Current News

Guest Columnist

Polis: Continuing Colorado’s legacy of conservation

United States House of Representatives

Those who live here know that the sunrise from atop Quandary Peak, the alpenglow of the Gore Range, and mountain valleys flush with Columbine are at the core of Colorado’s character. Coloradans and tourists alike flock to our mountains and open spaces to ski, hike, mountain bike, hunt, and fish, among many other activities. In the process, they add billions to our state economy each year. It’s important that we sustain this natural resource and economic driver.


Hudson: Summit examines NOCO transportation

The Colorado Statessman

You can read about someone else’s commute, but you can’t fully appreciate it without making the trip yourself. A 6:30 a.m. drive up U.S. 85 from Denver on Monday to the Northern Colorado Transportation Summit in Greeley proved instructive. Incoming traffic approaching the Queen City of the Plains was bumper-to-bumper for miles. The northbound lanes were crowded with a solid phalanx of 18-wheelers rumbling towards the gravel pits, industrial parks and construction sites abutting the highway in Adams and Weld counties. If you are wondering whether Colorado’s economy has truly recovered, the billboard employment ads along this highway, promising blue collar career opportunities, answer that question. On a recent drive to Mead on I-25, I witnessed even heavier traffic.


State Supreme Court hears arguments on school funding

The Colorado Statesman

The Legislature’s use of the so-called negative factor to determine school funding is at issue in a lawsuit that was argued before the Colorado Supreme Court earlier this month.

The suit, Dwyer v. State of Colorado, alleges the state violated the intent of Amendment 23 by using the negative factor to decrease school funding, effectively rendering the constitutionally mandated increases in per-student funding meaningless.

Johnston letter responds to A.M.E. massacre

The Colorado Statesman

A state lawmaker this week wrote a powerful letter in response to the recent massacre that took place at a black South Carolina church — one he feels “every white person” should also write.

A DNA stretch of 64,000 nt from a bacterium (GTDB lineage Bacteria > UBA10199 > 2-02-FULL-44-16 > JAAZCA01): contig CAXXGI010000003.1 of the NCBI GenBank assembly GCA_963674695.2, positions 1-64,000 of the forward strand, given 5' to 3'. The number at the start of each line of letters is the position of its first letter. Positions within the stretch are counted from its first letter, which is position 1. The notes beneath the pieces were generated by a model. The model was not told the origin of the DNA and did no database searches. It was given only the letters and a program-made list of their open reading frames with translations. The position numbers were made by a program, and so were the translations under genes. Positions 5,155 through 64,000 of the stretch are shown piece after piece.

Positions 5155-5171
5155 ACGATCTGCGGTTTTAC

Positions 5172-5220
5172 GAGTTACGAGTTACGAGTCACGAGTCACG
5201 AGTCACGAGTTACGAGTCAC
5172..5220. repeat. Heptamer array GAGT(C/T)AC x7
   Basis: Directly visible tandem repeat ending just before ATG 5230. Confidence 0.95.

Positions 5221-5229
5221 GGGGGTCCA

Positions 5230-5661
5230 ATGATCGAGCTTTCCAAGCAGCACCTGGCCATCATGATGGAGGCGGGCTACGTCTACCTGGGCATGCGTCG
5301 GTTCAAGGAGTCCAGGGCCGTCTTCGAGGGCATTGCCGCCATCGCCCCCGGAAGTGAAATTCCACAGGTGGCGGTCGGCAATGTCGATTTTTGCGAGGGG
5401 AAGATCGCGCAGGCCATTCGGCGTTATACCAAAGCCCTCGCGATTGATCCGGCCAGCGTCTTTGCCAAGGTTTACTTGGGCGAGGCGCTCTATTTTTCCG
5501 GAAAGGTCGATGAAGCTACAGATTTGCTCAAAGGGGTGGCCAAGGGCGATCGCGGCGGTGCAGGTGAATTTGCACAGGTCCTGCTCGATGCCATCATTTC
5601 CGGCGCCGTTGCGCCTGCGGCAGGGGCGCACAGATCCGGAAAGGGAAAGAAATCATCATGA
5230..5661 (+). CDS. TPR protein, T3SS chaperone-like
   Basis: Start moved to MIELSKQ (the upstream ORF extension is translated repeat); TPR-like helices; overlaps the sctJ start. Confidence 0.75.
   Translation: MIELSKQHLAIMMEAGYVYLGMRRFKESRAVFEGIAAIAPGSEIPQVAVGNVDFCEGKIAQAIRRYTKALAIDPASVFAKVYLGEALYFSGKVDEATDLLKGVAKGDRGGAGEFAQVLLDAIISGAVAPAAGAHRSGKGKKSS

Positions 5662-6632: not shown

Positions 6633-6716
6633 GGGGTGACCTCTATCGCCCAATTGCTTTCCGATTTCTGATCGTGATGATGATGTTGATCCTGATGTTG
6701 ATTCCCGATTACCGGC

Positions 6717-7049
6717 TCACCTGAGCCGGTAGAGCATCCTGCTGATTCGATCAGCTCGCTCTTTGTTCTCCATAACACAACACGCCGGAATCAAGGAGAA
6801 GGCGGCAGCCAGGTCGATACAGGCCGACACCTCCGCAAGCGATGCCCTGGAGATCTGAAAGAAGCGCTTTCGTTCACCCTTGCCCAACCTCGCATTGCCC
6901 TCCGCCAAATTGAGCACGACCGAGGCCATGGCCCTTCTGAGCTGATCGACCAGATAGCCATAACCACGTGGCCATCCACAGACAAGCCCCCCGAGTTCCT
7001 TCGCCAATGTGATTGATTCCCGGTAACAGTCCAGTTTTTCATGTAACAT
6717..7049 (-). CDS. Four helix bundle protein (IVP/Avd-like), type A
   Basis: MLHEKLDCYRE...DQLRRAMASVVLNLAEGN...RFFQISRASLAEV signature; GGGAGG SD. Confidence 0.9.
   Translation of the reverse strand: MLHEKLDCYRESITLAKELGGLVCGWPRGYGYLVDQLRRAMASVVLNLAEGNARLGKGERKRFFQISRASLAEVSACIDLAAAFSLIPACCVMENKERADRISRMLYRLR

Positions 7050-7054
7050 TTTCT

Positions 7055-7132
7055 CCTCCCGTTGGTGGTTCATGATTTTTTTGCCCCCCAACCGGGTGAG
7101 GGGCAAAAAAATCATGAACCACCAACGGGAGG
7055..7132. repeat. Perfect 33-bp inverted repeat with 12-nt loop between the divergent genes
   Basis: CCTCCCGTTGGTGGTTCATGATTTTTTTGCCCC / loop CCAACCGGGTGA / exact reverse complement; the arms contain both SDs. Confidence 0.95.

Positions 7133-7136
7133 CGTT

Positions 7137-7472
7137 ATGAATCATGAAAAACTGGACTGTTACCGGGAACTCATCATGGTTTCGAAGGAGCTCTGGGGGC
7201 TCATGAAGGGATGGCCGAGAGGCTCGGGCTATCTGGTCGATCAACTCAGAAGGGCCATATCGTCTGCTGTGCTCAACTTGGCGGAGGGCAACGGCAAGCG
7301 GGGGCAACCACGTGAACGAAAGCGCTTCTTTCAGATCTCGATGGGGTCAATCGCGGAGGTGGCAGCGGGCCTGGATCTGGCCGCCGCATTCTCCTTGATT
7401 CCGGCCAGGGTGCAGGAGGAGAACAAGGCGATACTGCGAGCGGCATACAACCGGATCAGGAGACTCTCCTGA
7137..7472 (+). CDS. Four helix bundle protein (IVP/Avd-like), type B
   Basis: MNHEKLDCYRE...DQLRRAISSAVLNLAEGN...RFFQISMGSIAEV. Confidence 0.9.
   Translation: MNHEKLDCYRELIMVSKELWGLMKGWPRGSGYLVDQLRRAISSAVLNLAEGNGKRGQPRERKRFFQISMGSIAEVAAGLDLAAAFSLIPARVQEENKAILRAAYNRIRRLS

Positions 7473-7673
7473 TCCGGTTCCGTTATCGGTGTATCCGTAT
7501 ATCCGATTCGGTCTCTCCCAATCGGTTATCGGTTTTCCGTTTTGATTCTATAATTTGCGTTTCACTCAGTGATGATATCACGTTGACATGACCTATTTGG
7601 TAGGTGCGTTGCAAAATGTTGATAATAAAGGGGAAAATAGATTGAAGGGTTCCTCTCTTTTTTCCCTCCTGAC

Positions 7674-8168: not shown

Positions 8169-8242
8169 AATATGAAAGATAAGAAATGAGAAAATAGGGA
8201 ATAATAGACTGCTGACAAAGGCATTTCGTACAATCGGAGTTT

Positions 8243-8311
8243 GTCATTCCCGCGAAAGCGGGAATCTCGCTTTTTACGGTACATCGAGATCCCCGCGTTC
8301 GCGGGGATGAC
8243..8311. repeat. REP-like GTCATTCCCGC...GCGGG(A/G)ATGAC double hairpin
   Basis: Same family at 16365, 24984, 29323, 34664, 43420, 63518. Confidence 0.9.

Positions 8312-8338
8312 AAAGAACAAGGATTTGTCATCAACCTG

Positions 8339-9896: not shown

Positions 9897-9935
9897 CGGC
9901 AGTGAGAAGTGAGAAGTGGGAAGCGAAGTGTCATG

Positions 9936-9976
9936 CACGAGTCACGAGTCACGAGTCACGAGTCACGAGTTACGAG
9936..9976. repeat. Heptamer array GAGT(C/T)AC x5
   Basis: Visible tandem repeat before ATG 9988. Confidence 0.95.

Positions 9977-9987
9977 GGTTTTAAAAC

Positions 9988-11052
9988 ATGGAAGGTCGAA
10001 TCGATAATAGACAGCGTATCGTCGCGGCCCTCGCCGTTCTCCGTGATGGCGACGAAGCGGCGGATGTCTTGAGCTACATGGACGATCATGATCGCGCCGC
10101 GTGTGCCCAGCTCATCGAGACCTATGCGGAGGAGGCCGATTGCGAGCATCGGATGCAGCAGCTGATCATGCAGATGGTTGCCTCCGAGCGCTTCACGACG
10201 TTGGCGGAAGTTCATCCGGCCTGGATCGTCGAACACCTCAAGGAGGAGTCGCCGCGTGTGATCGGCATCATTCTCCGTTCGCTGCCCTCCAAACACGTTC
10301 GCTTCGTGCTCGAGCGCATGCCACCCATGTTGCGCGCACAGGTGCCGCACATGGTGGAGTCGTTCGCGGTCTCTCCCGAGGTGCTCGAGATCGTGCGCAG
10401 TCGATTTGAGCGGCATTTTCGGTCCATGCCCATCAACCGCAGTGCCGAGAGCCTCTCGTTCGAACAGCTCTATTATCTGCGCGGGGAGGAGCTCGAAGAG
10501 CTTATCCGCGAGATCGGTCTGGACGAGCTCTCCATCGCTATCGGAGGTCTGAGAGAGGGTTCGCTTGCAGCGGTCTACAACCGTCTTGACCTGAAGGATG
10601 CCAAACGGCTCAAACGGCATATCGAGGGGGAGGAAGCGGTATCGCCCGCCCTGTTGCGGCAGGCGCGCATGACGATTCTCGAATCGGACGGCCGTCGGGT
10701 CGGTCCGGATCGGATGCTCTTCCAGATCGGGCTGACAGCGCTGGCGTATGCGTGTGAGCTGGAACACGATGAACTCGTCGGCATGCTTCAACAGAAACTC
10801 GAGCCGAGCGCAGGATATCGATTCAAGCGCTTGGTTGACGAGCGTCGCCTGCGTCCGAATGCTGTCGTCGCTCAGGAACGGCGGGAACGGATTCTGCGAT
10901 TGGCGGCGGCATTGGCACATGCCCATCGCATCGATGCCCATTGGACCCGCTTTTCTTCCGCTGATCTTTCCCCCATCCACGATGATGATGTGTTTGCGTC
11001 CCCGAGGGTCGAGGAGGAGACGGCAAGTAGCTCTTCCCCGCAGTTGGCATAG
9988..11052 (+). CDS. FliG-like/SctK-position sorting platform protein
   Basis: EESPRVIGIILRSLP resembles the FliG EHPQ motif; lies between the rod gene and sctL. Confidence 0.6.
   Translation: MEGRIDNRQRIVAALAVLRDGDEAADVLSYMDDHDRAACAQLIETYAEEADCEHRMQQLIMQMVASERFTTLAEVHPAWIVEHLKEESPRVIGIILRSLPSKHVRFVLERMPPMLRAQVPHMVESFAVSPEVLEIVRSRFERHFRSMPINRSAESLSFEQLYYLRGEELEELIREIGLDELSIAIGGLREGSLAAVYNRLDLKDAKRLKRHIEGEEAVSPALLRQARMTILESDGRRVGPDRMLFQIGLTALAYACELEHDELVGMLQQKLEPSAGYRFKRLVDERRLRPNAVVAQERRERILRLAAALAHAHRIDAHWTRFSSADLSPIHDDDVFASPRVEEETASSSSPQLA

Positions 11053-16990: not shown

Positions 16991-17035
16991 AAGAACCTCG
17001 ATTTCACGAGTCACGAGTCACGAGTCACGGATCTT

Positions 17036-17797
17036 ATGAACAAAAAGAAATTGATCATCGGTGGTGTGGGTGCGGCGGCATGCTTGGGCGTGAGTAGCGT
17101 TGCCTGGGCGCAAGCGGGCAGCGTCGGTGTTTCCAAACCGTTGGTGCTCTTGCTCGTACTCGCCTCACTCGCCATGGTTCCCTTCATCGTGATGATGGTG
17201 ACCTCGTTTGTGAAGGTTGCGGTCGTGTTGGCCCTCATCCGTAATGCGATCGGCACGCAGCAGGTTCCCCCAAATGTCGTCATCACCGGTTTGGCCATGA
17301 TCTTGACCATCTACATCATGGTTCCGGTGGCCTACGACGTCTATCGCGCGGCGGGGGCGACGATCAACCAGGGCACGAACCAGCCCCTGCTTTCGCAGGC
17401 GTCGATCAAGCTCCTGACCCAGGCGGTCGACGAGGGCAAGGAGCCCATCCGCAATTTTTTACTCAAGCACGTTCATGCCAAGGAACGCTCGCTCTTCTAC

After news broke on Wednesday night that a white gunman had walked into a historic black church in Charleston, state Sen. Mike Johnston, D-Denver, drove to a Denver church in the middle of the night and taped a hand-written letter to the front door.

Letter to the Editor

Cook: An open letter to candidate Jeb Bush

Dear Gov. Bush:

I read, with some dismay, your announcement yesterday that you are running for president. Not that it was unexpected, mind you — you’ve been putting off this declaration for six months, apparently to skirt campaign finance laws. That makes sense since you are looking to gain the backing of this country’s elite Republicans, who feel entitled to make such decisions as who our nominee should be on behalf of all us “little people.” But it was still dismaying that you are choosing to run, not as a conservative that respects the Republican Party Platform, but as one who wants to fundamentally transform our party.

Letter to the Editor

Welker: Simple solution to immigration problems: Put citizens to work


In response to Ernest Luning’s Colorado Statesman article on May 15, “Business, Agriculture Groups Call for Immigration Solutions from GOP,” I have a very simple solution.

Instead of bringing people from other countries to work in the U.S., we need to put U.S. citizens to work first. There are over 93 million citizens looking for work.

This week's political cartoon

On the attempted GOP coup d'etat: Lawyer Up

The Colorado Statesman

This week's political cartoon by editorial cartoonist and Statesman Publisher Jared Wright, "On the attempted GOP coup d'etat: Lawyer Up."

Guest Commentary

Stansbery: The Godfather: Part Deaux

Guest Contributor

How did Cynthia Coffman go from being Steve House’s very public mentor and champion to pulling the knives out for him 3 months later?

Guest Commentary

Corporon: GOP saga: ‘As the House Turns’

Guest Contributor

With apologies to fans of the iconic TV series As the World Turns, I realized today during our morning radio show that the drama unfolding around recently-elected Colorado Republican Party Chairman Steve House has all the elements of a daytime soap opera: melodramatic, tragic, morbidly humorous, shattered hopes and the capacity to last a long, long time.

Court rules companies can fire employees for off-duty pot use

The Colorado Statesman

Medical marijuana users in Colorado will risk being fired if they test positive for THC in violation of their employers’ policies.

In a 6-0 decision Monday, the Colorado Supreme Court upheld an appeals court ruling that in the state’s lawful activities statute, the “term ‘lawful’ refers only to those activities that are lawful under both state and federal law.”

Because marijuana use — medical or recreational — is illegal under federal statute, the court held that employers can fire workers who violate a company drug policy, despite marijuana being legal in the state.